Explore Inis Meáin

Inis Meáin, the middle island, is situated between Inis Mór and Inis Oírr and is the least visited of the three Aran Islands.

A maze of narrow winding roads, sheltered paths and trails criss cross the island, from the rocky hillsides of the south to the deserted sandy beaches on the north shore. Wild flowers bloom everywhere and numerous examples of early settlements dot the limestone karst landscape.

The prehistoric Dún Chonchubar(Conor’s Fort), the most striking of the circular or oval ring forts of the Aran Islands. Situated on the highest point of the island Dún Chonchubar is is a hillfort and was used for defence and as a watch point. John Millington Synge, the well-known Anglo-Irish author and playwright, stayed in this cottage every summer from 1898 to 1902. Refurbishments were carried out in recent years and the house is open to visitors during the summer months.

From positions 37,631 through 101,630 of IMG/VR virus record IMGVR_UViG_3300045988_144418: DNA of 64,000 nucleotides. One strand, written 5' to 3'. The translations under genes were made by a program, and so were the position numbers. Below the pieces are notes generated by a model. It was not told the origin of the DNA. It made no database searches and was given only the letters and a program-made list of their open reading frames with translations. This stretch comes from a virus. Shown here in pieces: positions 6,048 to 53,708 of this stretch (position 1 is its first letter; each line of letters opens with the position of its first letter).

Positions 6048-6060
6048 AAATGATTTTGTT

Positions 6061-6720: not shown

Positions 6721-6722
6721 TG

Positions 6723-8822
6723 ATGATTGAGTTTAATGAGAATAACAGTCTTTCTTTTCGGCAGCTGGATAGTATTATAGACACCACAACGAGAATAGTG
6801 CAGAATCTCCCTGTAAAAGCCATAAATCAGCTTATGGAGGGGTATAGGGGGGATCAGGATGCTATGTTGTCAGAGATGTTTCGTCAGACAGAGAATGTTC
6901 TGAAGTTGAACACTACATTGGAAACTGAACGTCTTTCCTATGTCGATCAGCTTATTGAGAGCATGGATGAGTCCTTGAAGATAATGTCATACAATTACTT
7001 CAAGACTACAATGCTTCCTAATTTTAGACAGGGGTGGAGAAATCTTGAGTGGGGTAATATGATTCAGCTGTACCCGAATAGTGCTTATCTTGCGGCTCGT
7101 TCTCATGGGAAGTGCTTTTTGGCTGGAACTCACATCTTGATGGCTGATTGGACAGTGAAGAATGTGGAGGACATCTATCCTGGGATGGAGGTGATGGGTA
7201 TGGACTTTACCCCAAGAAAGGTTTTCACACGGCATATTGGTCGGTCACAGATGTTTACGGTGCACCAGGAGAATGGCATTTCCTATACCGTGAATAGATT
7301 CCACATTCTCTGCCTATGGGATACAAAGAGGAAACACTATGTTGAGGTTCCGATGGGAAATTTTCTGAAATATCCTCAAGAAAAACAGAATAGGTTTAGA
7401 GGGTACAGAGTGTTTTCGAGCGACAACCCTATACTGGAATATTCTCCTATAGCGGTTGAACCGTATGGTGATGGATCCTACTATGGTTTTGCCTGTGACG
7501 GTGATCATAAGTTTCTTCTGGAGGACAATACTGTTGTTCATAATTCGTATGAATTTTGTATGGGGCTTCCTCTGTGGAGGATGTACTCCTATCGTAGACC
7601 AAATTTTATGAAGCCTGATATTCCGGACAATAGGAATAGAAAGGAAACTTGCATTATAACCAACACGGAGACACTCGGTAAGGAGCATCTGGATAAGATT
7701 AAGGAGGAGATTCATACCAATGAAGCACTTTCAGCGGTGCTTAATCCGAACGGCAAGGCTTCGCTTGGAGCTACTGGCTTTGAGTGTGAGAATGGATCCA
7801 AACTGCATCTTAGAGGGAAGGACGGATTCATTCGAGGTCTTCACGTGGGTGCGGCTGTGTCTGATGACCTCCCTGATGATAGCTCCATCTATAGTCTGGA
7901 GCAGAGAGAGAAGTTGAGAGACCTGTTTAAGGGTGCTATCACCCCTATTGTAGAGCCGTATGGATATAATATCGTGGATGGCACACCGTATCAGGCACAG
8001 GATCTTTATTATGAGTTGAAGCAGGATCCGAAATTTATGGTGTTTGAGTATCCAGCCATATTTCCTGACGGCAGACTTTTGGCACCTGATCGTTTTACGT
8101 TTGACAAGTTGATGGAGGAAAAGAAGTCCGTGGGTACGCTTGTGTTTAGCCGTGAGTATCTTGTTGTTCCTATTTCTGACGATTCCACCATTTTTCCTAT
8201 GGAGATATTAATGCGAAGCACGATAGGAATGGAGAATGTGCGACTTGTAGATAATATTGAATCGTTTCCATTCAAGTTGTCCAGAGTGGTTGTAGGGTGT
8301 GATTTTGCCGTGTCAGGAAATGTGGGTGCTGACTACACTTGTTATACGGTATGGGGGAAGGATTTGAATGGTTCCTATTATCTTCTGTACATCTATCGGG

There are cliffs on both the south and west side of the island. It is a beautiful, scenic route to the south coast from the east to west side of the island. If you walk just a little further south past Teach Synge(or Synge’s House), you can look over the big west-facing cliffs of Inis Meáin. Even on a relatively calm day the waves will be beating against the rocks in masses of spray and foam. In the distance you may see great pillars of spray spouting up well inland out of the puffing holes. These cliffs are exciting to explore.

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